Finally, I have to confess I have a personal interest in wisdom teeth. Since I don’t have any, and never did, I have always felt cheated. Diminished, as it were, by the thought that I was given neither the wisdom to which I, as a human, was entitled, nor the teeth as a little bonus. A dentist once tried to reassure me that not everybody has them and, in an attempt to impress me that she had recently graduated with honors from dental school, that it is probably related to the functioning of a gene called PAX9. This only depressed me further, however, and immediately suggested to me that either I didn’t get the gene, or that mine was malfunctioning. She tried a different tack (attempting, no doubt, to distract me from what she was doing in my mouth). Third molars (she had to explain that she was using dental-speak for ‘wisdom teeth’ when I started to salivate excessively) were probably how our ancestors dealt with plants they were eating. They were grinders. But I was lucky, she continued, probing deeper into my gum, because we changed our diets and evolved smaller jaws. So nowadays there’s no room for the extra teeth. They are vestigial and have to be pulled out, in other words. My persisting skepticism must have been obvious, however, and I could see her mask change shape. Given the drill in her hand and the impatience in her eyes, I pretended to be convinced and dropped the subject. I still worry, though.

Embryology, like its eponymous subjects, has evolved over the years. It has become more interesting and certainly accumulated more frills. DNA and ever-advancing technology have dragged it into social media and otherwise polite conversation -our ancestry titillates us like never before. I mean I could probably even stay awake in the classes nowadays. But all the same, the skill I developed for napping unawares shouldn’t be dismissed as vestigial; it is still useful. I look upon it as an exaptation of my neck muscles and inner ear, an evolutionary strategy for surviving some of the appurtenances that continue to bedevil us in the modern age: there are still concerts I would rather not attend. And as for meetings…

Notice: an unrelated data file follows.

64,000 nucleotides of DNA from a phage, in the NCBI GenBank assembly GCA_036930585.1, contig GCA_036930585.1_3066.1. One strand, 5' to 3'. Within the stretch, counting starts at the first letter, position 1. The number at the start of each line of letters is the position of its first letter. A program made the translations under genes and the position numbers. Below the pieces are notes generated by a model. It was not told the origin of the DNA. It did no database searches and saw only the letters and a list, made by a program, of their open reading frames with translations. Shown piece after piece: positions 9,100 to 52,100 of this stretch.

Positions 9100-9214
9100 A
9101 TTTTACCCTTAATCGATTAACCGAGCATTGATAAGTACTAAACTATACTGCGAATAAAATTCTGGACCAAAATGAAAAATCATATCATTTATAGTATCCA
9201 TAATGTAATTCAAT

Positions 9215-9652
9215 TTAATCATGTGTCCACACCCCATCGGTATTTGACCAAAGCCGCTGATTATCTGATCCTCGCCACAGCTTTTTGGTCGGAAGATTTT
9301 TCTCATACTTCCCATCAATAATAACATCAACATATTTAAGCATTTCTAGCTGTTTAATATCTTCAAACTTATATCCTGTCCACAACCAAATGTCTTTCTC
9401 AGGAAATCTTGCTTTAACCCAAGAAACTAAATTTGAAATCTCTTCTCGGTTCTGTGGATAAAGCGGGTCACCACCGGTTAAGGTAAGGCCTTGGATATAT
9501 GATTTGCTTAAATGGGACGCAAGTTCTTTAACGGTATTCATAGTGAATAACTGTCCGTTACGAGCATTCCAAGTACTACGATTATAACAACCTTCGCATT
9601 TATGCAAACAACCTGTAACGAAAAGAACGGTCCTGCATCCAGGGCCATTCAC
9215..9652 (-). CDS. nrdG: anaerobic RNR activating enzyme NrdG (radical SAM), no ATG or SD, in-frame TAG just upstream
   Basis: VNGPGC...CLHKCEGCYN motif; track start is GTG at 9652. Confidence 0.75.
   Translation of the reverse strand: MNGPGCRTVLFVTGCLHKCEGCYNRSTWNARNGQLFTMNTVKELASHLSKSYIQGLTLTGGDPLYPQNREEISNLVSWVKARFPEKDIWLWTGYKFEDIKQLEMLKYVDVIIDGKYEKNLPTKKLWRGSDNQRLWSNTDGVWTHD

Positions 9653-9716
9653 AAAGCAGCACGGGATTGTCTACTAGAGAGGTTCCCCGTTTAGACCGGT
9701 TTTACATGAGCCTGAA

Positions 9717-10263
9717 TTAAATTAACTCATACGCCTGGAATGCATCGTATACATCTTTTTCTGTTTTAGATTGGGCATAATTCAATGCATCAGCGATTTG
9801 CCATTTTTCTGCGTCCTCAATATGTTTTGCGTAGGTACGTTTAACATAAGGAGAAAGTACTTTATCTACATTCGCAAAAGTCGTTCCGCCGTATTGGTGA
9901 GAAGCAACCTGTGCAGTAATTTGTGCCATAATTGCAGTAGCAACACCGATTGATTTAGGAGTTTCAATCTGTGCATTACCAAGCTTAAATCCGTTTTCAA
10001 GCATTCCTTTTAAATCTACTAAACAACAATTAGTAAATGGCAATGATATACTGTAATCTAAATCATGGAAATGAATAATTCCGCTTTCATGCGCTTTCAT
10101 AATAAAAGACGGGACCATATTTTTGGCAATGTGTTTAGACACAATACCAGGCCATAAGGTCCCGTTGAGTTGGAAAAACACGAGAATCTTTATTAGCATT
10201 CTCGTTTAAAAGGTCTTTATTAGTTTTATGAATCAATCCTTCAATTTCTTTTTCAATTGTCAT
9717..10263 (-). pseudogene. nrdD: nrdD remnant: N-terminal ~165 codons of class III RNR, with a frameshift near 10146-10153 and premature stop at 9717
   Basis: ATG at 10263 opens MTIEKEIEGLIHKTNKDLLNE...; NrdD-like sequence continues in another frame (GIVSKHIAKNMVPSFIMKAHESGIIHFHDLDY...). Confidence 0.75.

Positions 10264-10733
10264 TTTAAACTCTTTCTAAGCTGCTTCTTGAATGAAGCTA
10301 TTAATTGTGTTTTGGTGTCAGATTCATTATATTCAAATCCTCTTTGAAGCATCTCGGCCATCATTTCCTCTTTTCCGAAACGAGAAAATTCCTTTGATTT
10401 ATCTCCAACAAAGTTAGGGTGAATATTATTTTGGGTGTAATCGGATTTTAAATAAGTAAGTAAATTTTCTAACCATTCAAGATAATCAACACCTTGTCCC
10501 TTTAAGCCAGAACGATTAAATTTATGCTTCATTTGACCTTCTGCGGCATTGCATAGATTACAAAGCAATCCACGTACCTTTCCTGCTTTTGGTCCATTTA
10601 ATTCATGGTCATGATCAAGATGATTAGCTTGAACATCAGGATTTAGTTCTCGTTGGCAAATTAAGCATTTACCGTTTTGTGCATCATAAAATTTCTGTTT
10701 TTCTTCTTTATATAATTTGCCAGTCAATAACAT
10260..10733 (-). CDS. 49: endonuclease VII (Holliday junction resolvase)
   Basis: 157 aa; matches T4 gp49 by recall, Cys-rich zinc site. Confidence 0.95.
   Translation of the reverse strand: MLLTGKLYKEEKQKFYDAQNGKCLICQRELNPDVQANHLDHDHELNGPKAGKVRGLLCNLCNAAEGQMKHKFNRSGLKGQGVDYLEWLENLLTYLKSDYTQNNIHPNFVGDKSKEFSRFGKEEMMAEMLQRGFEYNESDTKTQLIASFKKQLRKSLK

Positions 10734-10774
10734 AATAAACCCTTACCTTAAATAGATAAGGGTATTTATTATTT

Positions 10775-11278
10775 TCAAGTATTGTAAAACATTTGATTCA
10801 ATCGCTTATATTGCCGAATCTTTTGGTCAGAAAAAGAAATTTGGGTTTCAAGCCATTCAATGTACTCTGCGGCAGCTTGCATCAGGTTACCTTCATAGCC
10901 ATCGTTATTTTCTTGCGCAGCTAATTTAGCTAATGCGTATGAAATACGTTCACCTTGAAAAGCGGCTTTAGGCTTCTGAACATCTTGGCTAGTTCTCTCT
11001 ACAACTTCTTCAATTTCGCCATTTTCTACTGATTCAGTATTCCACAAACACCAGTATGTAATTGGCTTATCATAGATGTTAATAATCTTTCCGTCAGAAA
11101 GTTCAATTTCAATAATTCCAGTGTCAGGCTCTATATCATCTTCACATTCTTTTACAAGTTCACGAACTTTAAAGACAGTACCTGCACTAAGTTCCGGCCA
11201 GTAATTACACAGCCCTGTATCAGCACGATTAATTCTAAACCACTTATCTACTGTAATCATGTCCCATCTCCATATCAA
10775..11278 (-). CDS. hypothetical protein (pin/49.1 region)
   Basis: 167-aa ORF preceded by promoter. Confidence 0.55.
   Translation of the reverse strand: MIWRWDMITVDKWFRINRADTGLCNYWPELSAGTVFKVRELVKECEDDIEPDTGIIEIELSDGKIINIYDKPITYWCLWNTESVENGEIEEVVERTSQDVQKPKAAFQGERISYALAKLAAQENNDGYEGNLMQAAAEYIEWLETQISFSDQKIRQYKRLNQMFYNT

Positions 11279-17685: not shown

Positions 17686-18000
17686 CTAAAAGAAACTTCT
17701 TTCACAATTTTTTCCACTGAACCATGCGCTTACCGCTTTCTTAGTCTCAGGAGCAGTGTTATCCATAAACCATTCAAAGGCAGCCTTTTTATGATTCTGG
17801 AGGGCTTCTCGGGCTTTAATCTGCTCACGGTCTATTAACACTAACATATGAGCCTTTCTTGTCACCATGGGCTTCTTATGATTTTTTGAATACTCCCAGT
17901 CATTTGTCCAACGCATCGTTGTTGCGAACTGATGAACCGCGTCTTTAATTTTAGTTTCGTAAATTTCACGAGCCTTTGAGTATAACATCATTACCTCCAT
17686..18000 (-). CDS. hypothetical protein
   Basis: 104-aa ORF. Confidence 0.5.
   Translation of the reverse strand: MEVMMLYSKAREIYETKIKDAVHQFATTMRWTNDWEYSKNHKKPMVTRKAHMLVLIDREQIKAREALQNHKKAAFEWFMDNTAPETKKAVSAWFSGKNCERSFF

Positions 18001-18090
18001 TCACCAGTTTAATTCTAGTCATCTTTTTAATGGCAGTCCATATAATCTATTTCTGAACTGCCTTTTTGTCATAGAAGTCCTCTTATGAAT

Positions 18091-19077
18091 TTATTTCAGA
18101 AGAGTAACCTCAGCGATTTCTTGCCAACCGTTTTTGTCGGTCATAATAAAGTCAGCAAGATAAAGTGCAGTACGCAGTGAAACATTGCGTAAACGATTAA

Are Human Rights Contingent?

Here’s a question: are human rights contingent or emergent? In other words, do they depend on the circumstances and the cultural milieu? Do they depend on the context in which the events in question are imbedded, and maybe even the time-frame –the Epoch? Or, do they exist a priori and exist no matter what the circumstances and so transcend any particular event? An existential consideration, to be sure, but an important one.

If I read history correctly, human rights likely began contingently. Indeed the very word ‘right’ suggests their origin as something granted to someone under specific circumstances. They were guaranteed to someone by whoever possessed sufficient power to do so. And as time passed, these rights grew –evolved- and the context enlarged. So, when the power became invested in the populace at large, the rights took on a life of their own and seemed to be  inalienable and self-evident -no longer granted, but obviously existing: they were emergent.  They accreted new considerations and enlarged, and are evolving still.

Rights continue to be a moving target. As societies mature, their foundational principles come to be read in a new light. Emergent or contingent..? Alas, as we add new limbs to the ever-evolving animal, we tend to be revisionist and judgmental about its more embryonic forms, even though we’re seeing them through modern eyes, and modern prejudices…

And yet some things seem almost suited to temporal bigotry. I’m thinking here of the current controversy over Trinity Western University –a private, Christian institution- and its decision to open a law school:  This came on the heels of a 2009 decision by the Supreme Court of Canada overturning a challenge by the British Columbia College of Teachers who claimed that the university shouldn’t be able to grant teaching degrees because it opposed gay unions.  And, as the article outlines: at the time, students were required to sign an agreement not to engage in activities that were “biblically condemned,” including “homosexual behaviour.”  The agreement is now known as the ‘Community Covenant’.